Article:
Hi. I'm Ray Comfort. Listen to what a tool I am. Now I'm ironically trying to cure people of their irrational beliefs, but only to convince them to embrace another irrational belief. I have a great job. I don't hold a degree in anything useful. I just get paid to talk. I get paid to call people evil trash. And people think I'm a great guy even though I'm a bully and a coward.

"What are you doing? You're insulting my intellect. And so I am."
- Ray Comfort

We are The A-Team and Ray, you're so, so close. You've already rejected all but one god. Just a little further, and you're free of delusion.

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High court signals rightward tilt

By MARK SHERMAN, Associated Press Writer Mon Jun 25, 4:40 PM ET

WASHINGTON - The Supreme Court liberated corporate and union political spending, limited students' speech and shielded the White House faith-based program from legal challenge Monday in 5-4 rulings that pointed up the court's shift to the right.

President Bush's two appointees, Chief Justice John Roberts and Justice Samuel Alito, were front and center. They wrote the main opinions in those three decisions — including the "Bong Hits 4 Jesus" free-speech case — as well as another ruling that had been sought by the administration and business groups in an environmental case.

Five justices — Roberts, Alito, Anthony Kennedy, Antonin Scalia and Clarence Thomas — formed the majority in each decision. The court's four liberals, Stephen Breyer, Ruth Bader Ginsburg, David Souter and John Paul Stevens, dissented each time.

Kennedy, the only justice in the majority in all of the court's 21 5-4 decisions this term, has voted with his conservative colleagues more often recently in the close cases.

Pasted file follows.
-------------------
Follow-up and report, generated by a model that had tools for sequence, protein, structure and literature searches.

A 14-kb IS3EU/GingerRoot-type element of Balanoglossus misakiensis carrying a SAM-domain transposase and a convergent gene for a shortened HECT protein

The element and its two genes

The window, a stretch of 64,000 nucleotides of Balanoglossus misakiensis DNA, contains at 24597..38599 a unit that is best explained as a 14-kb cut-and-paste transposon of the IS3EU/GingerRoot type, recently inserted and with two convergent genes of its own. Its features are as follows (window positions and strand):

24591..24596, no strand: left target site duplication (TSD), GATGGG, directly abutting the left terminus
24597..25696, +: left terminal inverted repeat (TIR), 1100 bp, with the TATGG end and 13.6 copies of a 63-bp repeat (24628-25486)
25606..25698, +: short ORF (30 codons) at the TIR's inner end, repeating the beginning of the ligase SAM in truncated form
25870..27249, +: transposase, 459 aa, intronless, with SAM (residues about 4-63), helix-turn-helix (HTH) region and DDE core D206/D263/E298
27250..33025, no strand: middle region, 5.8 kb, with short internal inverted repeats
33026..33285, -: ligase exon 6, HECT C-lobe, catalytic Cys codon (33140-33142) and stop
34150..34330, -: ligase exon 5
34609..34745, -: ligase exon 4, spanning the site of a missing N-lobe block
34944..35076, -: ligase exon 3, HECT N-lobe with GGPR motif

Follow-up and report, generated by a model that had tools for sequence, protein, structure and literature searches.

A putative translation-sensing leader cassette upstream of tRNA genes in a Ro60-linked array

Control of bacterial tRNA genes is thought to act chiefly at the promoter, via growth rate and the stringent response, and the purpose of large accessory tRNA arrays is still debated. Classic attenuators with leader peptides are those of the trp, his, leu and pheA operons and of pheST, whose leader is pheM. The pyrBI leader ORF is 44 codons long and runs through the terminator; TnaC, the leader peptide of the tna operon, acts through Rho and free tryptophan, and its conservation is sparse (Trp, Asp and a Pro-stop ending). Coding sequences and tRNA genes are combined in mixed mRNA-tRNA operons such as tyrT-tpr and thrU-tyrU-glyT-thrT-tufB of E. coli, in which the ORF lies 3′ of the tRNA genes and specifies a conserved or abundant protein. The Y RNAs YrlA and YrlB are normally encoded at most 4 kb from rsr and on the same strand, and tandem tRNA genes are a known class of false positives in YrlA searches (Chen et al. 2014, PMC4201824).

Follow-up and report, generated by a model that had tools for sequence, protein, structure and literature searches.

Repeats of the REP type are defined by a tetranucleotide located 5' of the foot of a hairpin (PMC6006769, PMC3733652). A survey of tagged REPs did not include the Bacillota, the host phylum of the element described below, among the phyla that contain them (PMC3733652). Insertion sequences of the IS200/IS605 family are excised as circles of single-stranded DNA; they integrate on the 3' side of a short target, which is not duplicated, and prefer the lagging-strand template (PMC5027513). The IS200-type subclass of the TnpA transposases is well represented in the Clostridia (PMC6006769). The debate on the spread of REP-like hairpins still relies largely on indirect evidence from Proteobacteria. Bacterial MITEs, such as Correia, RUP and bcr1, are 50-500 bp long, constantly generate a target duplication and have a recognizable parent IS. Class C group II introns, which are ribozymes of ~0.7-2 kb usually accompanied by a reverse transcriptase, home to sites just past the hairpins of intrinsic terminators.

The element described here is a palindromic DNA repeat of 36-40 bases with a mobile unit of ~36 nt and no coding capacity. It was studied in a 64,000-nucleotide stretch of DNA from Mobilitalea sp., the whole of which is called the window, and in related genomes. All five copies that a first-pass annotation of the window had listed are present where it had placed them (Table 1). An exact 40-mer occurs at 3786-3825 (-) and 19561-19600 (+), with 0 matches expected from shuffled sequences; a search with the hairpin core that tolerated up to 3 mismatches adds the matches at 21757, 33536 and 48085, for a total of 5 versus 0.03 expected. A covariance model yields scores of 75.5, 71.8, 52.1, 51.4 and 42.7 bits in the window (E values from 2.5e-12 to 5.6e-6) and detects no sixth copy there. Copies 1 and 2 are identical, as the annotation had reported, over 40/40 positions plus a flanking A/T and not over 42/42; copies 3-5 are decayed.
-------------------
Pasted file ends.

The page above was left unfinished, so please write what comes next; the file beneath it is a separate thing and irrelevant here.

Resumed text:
With its term rapidly nearing an end, the court has perhaps the biggest issue of the year still to decide: whether public school districts can take account of race in assigning students to schools. Many court watchers are expecting a similar ideological split, with conservatives limiting the use of race.

Democratic presidential candidate John Edwards was among those who bemoaned the court's rightward tilt.

The court "is moving the right wing's agenda faster than we've seen in decades — slamming the courthouse doors in the faces of ordinary people, favoring big businesses over civil rights and undermining protections for women and the environment."

But White House spokeswoman Dana Perino said Monday's decisions included a loss for the administration in the campaign finance case.

"The president's position is that in any case you're going to have someone who loses and someone who wins, but we can all be confident that we have fantastic Supreme Court justices. These are the type of people that the president wanted to have on the bench," Perino said. "Chief Justice Roberts and Justice Alito are proving themselves to be ones who have the intellectual vigor that they can bring to the bench."